Definitions and explanations:

Single Entry System:

The single entry system follows to record transactions with a single entry to update the accounting records of a business. The basis of these transactions is mostly the inflow or outflow of cash within and from the business.

Double-entry System:

In a double entry bookkeeping system every transaction updates two sets of accounts that are correspondent and opposite. Accounts are maintained for each head with two sides; a debit side and a credit side.

Difference between single entry system and double entry system:

1. Rules for recording transaction:

Single entry system does not propose any specific rules to record transactions while double entry system is formulated upon the dual nature of every transaction. Transactions are recorded based on the cash flows in a single entry system whereas transactions are assumed to have a debit and/or a credit nature in double entry system. Double entry system follows a DEAD CLIC Rule:

Account Debit Credit
Asset Increases Decreases
Expense Increases Decreases
Drawings Increases Decreases
Liabilities Decreases Increases
Income Decreases Increases
Capital Decreases Increases

2. Concepts:

Single entry system runs on cash transactions, so it can be called as a cash based system where significance of transaction is determined by the incoming and outgoing of cash. The double-entry bookkeeping system follows several accounting concepts like matching concept, accruals concept, business-entity concept etc. In this way, double entry system not only considers cash transactions but also non-cash transactions like depreciation, revaluation etc.

3. Accounting trail:

In a single entry system, the basis of passing entries for any transaction is cash. The best trail in such a system is cash books and no other appropriate records are maintained for liabilities and assets. So, it makes difficult to track any assets of the business if lost or stolen and also single entry system fails to consider liabilities and provisions that may arise or can arise due to certain past events reliably. However, double entry system assumes the dual nature of every transaction. Proper t-accounts, a general ledger and books of original entry are maintained which makes it possible for a business to keep well-grounded and updated record of every financial aspect of business.

4. Financial reporting and statements:

As single entry system has no specific basis of calculation and updating records it becomes very difficult to extract meaningful financial results or reports from these records. Statement of Affairs method and conversion method are used to ascertain profit or loss in a single entry system. Double entry bookkeeping system provides a strong base to each and every transaction occurred during the business which ultimately leads to understandable and interpretable results from which financial statements like income statement, balance sheet, cash flow statement etc. are produced.

5. Accuracy of accounts:

The transactions and accounting records in a single entry system cannot be checked and verified as a single entry is passed for every transaction held which cannot be reconciled. However, in a double entry system, trial balance is made which is an arithmetical comparison of sum of all the debits and all the credits of business transactions to make sure both are equal. This check highlights a number of errors including casting error, error of partial omission etc. However, some errors like complete omission errors, commission errors, principal errors cannot be detected by trial balance.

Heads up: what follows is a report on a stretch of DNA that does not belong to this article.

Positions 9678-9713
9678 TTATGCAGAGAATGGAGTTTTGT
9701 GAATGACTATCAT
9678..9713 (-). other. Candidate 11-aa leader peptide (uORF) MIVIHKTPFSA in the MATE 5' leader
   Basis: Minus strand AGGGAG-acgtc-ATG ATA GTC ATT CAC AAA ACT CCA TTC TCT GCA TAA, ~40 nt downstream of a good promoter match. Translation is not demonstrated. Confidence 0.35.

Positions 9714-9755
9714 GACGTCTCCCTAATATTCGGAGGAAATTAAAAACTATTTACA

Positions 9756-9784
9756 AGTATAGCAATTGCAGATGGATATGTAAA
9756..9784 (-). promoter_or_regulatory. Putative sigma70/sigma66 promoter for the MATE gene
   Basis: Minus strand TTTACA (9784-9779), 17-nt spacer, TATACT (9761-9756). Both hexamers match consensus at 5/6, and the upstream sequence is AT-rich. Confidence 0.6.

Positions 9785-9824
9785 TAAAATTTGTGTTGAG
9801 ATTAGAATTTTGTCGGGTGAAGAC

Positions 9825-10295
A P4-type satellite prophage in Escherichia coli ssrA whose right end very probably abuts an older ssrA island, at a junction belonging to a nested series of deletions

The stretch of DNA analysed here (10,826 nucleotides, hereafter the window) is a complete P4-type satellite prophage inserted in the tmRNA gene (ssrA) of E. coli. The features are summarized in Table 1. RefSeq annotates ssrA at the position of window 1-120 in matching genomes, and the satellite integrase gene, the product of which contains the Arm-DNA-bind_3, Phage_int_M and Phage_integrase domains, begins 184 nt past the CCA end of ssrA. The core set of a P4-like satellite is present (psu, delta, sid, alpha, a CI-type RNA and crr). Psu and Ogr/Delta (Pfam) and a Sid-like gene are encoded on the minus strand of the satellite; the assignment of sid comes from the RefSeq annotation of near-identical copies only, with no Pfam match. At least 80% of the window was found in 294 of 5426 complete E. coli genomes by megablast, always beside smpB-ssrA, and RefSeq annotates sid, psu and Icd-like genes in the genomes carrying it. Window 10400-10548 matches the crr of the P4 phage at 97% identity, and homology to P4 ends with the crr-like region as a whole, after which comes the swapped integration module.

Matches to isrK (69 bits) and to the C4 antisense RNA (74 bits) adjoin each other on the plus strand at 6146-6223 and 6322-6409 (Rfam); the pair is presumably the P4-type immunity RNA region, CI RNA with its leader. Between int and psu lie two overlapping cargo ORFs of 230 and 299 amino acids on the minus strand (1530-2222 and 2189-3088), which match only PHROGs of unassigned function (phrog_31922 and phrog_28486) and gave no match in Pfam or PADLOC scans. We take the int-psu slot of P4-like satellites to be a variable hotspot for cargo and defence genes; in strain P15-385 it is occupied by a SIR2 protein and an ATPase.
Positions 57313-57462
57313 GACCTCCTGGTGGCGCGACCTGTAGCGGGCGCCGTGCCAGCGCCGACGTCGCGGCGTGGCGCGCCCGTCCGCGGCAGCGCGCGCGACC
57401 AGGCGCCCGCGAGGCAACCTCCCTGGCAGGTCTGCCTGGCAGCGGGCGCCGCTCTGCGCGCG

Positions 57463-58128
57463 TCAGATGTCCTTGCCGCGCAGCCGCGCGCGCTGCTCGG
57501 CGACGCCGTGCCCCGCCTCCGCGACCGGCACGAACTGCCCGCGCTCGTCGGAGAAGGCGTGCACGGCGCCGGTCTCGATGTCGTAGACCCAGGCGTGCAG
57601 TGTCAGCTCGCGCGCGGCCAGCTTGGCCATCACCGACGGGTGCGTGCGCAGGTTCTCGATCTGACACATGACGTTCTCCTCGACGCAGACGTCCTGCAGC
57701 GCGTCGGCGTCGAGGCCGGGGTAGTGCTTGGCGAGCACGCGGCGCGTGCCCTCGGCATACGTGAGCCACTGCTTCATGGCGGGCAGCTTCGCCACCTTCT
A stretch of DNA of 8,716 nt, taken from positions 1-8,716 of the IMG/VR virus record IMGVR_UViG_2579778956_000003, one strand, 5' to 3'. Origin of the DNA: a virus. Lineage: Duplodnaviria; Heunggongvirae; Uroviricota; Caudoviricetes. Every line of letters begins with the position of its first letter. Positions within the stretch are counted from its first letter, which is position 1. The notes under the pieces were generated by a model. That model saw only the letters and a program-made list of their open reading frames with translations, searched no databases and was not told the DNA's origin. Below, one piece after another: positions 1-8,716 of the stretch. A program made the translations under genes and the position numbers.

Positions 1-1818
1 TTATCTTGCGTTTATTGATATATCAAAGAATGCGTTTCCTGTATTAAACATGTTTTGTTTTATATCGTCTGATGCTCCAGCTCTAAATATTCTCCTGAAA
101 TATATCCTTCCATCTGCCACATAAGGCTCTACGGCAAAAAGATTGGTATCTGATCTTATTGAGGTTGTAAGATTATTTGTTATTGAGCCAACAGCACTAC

6. Application:

All big organizations use double-entry bookkeeping system. Especially public listed companies because these companies are bound by international reporting standards to produce financial statements that reflect the financial health of the business. Single entry systems can be used by firms that do not offer accountancy services but other related services like tax, law, consultancy etc.

Single entry system versus double entry system – tabular comparison

A tabular comparison of single entry system and double entry system is given below:

Single Entry System vs Double Entry System
Rules of recording transactions
Transactions are recorded based on cash flows. Transactions are recorded according to DEAD CLIC rule.
The inflow or outflow of cash is important. Accruals, matching, duality, going concern, business entity concepts etc. are important.
Accounting Trail
No specific trail of business transactions exist. Proper accounting trail including books, t-accounts etc. exist.
Financial reporting and statements
Financial records can be reported in most suited way. Conversion and statement of affairs methods are examples. Proper financial reports like statement of financial position, statement of profit or loss or other comprehensive income are prepared.
Accuracy of accounts
Chances of error are high Chances of errors is low. Errors are more traceable.
Usually small businesses adopt. Larger companies especially

Conclusion – single entry system vs double entry system

The option of using either a single entry or a double entry system depends upon the nature and size of the business. Small businesses usually opt for single entry systems because they cannot afford to buy sophisticated accounting software and/or hire accounting professionals. Such businesses may run on cash based systems and report accordingly. Larger companies have to use double entry book keeping systems as they are usually bound by legislation to report their financial results for transparency and many other purposes. These statements are primarily prepared for company’s shareholders but different stakeholders like government, lenders, and potential investors also use them according to their needs.